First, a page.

Mobile trends: Text messages fall in 2013 as chat apps rise

Jan 13, 2014 | Mobile, Social media, WhatsApp

The number of text messages being sent in the UK has fallen for the first time ever as more people turn to Whatsapp and iMessage, according to new research looking into mobile trends. According to figures published by Deloitte in a telecom prediction survey, the number of texts sent last year fell 7bn to 145bn, […]

The number of text messages being sent in the UK has fallen for the first time ever as more people turn to Whatsapp and iMessage, according to new research looking into mobile trends.


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According to figures published by Deloitte in a telecom prediction survey, the number of texts sent last year fell 7bn to 145bn, while the number of instant messages sent through apps rose to 160bn.
Texting is on the decline due to an increase in the use of branded instant messaging apps on smartphones.
The number of SMS (standard messaging service) messages sent last year fell for the first time since its creation in 1992.
Speaking to the Guardian, head of telecoms research at Deloitte, Paul Lee, said: “This is the first decline in texting in the UK since texting was invented. We have reached a tipping point.
But the usage of mobile phones to send messages is stronger than ever. This year, trillions of instant messages will be sent in place of a text message.”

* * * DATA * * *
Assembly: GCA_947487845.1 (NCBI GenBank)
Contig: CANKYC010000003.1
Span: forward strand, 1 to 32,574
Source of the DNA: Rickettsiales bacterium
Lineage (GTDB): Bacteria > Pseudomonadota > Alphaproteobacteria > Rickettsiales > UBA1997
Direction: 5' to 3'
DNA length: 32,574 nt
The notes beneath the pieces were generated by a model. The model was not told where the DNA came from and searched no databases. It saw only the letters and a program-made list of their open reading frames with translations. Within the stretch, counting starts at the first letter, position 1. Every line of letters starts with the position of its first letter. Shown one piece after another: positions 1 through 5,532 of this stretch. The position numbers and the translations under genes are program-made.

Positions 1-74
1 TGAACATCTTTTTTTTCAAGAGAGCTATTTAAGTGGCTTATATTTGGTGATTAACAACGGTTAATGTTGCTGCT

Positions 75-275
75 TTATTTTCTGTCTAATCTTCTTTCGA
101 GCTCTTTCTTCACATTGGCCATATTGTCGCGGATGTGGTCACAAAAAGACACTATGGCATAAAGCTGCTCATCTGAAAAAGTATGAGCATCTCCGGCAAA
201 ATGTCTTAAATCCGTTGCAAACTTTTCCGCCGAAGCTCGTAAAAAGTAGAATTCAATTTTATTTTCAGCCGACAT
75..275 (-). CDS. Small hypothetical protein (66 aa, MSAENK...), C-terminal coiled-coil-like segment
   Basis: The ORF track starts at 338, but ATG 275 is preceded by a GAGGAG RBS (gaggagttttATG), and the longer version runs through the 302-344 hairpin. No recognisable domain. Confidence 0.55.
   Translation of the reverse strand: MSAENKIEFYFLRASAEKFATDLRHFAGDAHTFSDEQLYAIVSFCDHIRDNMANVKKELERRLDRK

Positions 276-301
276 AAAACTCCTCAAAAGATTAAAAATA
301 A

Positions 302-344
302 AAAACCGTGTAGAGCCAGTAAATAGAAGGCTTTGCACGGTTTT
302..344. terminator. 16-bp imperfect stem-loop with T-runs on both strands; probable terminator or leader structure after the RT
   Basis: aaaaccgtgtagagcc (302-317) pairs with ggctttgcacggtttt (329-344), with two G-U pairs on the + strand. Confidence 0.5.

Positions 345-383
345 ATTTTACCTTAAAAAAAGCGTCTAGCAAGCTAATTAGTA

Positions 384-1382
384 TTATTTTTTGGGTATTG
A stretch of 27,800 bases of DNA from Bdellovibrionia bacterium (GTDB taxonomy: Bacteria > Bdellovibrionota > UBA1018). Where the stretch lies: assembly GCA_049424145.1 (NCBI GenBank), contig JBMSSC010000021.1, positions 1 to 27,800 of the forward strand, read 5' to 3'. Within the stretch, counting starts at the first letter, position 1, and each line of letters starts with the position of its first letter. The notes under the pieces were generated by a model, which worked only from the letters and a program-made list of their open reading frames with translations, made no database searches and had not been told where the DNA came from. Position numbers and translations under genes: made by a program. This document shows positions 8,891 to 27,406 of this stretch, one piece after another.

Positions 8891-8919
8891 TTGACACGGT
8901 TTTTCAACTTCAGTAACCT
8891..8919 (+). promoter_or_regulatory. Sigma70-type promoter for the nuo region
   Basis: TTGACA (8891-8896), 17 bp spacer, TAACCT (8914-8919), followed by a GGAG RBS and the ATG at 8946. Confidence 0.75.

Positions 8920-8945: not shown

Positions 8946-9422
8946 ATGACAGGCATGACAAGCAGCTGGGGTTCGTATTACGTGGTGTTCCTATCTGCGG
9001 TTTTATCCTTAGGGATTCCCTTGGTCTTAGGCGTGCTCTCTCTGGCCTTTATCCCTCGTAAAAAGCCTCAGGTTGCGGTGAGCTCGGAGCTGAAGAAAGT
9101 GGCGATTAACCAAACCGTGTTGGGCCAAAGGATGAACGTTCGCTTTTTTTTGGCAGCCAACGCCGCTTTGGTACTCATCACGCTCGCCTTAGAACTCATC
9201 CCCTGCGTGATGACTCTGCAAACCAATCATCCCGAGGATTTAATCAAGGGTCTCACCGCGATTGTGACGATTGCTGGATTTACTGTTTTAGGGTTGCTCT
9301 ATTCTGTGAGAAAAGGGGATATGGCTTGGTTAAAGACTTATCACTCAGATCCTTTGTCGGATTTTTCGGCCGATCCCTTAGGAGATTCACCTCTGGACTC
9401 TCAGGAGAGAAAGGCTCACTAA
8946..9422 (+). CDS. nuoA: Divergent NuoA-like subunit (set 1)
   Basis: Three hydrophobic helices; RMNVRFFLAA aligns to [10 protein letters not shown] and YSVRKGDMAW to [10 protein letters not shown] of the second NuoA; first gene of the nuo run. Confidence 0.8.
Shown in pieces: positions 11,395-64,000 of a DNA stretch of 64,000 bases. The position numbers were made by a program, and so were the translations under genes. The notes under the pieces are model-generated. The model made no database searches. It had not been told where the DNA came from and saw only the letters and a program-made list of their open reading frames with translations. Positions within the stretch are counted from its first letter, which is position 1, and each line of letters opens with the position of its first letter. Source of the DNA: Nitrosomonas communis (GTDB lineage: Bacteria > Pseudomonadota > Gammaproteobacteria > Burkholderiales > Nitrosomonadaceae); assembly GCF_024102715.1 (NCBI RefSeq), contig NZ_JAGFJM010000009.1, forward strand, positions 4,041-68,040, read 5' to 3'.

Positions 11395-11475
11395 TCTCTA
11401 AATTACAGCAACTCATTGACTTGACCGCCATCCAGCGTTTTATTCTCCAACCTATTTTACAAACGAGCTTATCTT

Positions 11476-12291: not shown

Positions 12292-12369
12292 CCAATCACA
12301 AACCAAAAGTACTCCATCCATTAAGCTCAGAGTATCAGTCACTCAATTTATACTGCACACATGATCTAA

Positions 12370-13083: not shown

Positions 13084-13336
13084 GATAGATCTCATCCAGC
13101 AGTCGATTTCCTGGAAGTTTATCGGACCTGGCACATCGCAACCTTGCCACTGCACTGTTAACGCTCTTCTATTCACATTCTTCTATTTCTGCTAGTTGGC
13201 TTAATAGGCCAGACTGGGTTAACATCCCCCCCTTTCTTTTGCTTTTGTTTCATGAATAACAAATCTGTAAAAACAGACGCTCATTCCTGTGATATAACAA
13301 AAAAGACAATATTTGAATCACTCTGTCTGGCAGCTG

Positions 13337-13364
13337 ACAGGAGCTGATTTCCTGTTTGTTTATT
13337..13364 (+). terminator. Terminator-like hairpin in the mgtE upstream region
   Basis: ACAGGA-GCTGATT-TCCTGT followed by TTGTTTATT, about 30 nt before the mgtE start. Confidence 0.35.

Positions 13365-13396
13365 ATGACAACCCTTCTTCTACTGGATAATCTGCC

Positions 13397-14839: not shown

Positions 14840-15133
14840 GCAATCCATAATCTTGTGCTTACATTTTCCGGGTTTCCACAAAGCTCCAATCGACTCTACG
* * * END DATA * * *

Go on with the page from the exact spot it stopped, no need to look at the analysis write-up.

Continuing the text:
The report predicts that in 2014 the number of texts sent will fall even further to only 140bn, while the number of instant messages will increase dramatically to around 300bn.
It is thought that younger users are turning away from traditional texting in favour of instant messaging services that offer lower prices and more customisation.
In addition, the cheapness and availability of smartphone technology is contributing towards the rise of IM, with cheaper handsets meaning more people who wouldn’t usually buy smartphones, like senior citizens, are becoming regular users.
The price of the technology also means that soon mobile phone companies will stop making traditional handsets, and people will have no choice but to convert to smartphones.
In the UK the percentage of people over 55 with a smartphone was 29 per cent in 2012, and is set to rise to around 47 per cent in 2014.
However, only 13 per cent of older smartphone owners used IM, preferring to use their smartphones to make calls and send texts.
Despite these predictions SMS is still worth around £60bn, because of its functionality; Texts still work in any country, on any network, on any handset.
Traditional SMS still stands to make more money in 2014 than IM, and the mobile trends report predicts that this trend will continue until 2018.
BlackBerry can claim to have started the IM trend when its BBM service started in 2006, but the IM trend took off when the iPhone was released in 2007.
This release brought with it services like iMessage, Facebook Messenger and Whatsapp, released in 2009, with these services overtaking traditional texts in the UK last year.

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